Belgravia Ace sales

Flynn Park, 18-22 Yew Siang Road, was sold en bloc earlier in September 2021 for S$371million, making it the biggest collective sale of the year.

Savills Singapore arranged for the buyer, a joint venture between Sunway Developments Pte. and Hoi Hup Realty Private Limited. Ltd purchased all 72 apartments for S$1,355 per plot ratio (or S$1,318 per ppr when you include the 7% bonus floor area from balconies).

Belgravia Ace sales can be seen in the success of Belgravia phase one and two. Tong Eng properties live up to their expectations, and Belgravia Ace is not an exception.

Many other properties that are older have been put up for sale or seen their majority owners do so. One of them is the 50-storey International Plaza, the commercial-and-residential building in Tanjong Pagar, which has a record reserve price of S$2.7b – marking it as Singapore’s largest en-bloc deal in its number of units and value once a buyer is found.

In fact, Singapore’s lucrative En Block sales have made property owners overnight millionaires, making them highly sought-after real estate options. examines the factors that contribute to a successful En bloc sale.

Old buildings were traditionally torn down in land-strapped Singapore to make way for newer, more luxurious developments. En bloc is French for “all together” or “as one block”. It refers to a large-scale collective sale of condominium developments by one buyer (usually the government or property developer). The condo development must be redeveloped, priced and incorporated into a new project.

Condos that are less than ten-years old must be sold by at least 90% of the owners. Condos older than ten year need to be sold by at least 80%.

Collective sales are essentially a mini-golden handshake between landlords, since the reserve price is often higher than the current market value.

Both the buyers and the sellers will reap the benefits of the en blocs. The buyer will eventually be able to recoup his costs and make a good profit from the planned development.

In 2007, Farrer Court’s 618 apartments were sold en bloc for S$1.339Billion. This amounts to an average of S$2.122-S$2.238 Million per apartment.

This is not bad considering the market price of the same units was just S$500,000 to S$600,000. Before the en bloc negotiations began, it was about S$500,000 to S$600,000. The site was subsequently redeveloped as the d’Leedon, a grand apartment complex featuring more than 1,715 luxury, high-end apartments by Farrer Road.

What factors led to a possible collective sale?

1. Age of the development

Older developments are often quite old and require expensive ongoing maintenance. Therefore, it is a good financial decision to replace the building with something more profitable. A majority of older developments, especially those built before 1990, have not been built to the Master Plan plot ratio. This means that a redevelopment will likely yield a higher return today due to its land value.

2. Location

Is the government planning to redevelop the area? There are less chances of government land being released in these areas than in the rest of the island. It is no secret that the price of an en-bloc sale will be higher if the condominium development takes place in the prime Districts (9-10, 11 and 15).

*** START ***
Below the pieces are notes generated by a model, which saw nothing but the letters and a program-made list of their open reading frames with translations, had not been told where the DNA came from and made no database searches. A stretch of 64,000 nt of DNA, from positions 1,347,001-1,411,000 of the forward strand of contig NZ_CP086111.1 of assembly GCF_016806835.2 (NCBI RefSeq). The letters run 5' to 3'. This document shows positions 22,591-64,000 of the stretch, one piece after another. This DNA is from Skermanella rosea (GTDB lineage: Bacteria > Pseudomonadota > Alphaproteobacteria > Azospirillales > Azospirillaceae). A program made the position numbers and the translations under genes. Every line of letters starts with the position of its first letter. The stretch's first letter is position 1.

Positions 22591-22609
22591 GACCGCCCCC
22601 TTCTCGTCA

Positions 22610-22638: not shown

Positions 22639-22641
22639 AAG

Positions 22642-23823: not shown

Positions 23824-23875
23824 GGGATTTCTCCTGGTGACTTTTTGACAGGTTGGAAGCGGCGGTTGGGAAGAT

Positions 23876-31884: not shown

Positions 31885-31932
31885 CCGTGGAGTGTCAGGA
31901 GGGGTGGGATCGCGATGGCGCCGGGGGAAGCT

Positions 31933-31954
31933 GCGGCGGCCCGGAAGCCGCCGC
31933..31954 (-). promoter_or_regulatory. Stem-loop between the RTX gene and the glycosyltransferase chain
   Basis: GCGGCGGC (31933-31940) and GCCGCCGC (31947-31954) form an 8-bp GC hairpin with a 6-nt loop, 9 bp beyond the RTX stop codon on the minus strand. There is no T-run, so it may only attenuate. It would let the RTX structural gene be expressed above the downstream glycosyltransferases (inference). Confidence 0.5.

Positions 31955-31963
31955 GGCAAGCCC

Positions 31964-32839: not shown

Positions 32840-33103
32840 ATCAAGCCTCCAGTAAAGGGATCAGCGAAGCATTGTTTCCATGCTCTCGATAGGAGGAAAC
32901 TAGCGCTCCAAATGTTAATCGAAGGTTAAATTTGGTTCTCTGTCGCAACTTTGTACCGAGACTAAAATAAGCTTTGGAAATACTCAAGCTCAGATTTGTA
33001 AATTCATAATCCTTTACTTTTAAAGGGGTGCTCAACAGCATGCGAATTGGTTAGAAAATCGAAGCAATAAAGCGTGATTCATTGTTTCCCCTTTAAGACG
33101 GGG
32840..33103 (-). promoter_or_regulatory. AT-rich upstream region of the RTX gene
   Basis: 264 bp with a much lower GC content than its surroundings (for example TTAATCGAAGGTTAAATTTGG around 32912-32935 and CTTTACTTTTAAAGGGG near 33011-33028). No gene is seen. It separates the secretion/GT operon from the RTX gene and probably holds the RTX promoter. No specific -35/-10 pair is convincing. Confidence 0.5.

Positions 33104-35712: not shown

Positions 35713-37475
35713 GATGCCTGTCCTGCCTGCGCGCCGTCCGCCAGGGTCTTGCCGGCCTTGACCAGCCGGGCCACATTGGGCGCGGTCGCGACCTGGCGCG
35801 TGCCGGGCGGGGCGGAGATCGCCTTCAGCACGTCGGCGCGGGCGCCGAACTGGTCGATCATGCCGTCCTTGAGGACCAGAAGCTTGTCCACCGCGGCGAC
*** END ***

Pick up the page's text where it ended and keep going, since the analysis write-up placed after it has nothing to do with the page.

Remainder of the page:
Is there any news about a new MRT, or other exciting developments in the area? These developments often lead to an increase in property and land prices.

Flynn Park was sold in a lucrative group sale because of the Greater Southern Waterfront redevelopment plan. Wong Swee Chun (chairman and MD of Hoi Hup Realty Private Limited) said, “We are very happy to secure the tender for Flynn Park. This rare hillside parcel offers spectacular views to the South.

It is peaceful, green and lush, but it is also close to the MRT network, and only minutes from the city. It will also be greatly benefited from its proximity to the new Southern Waterfront development. We are excited to develop a premium product at this site.

3. Plot Ratio

A lower plot ratio in condos means that fewer units are being built on the land. You can make the land more productive by adding more units to future developments. These plots are great for en bloc sales, as they can be used to make more money by being densely packed.

4. En bloc fatigue

If an en bloc sale fails, owners may feel discouraged and decide to not do it again.

5. Alternative options and the size of the apartment

The larger the condos, the better. Some owners may be eager to sell their units, while others might decline the offer due to having to settle for smaller units elsewhere.

6. Residential makeup of the development

Older developments are more likely to be home to a large, older population. Most residents also own their units. It is often easier to persuade older people to sign the handshake and move to a smaller unit in a different area where they will feel more at home in their later years.

7. Dimensions of the development

Because of the higher likelihood of collective sales in smaller developments, there are greater chances that owners will agree to sell their units together.

However, a smaller number of owners can mean that sales efforts are more difficult if a few of them don’t want the sale. This makes it harder to get the required 80% consent.

1 reply

Trackbacks & Pingbacks

Leave a Reply

Want to join the discussion?
Feel free to contribute!

Leave a Reply

Your email address will not be published.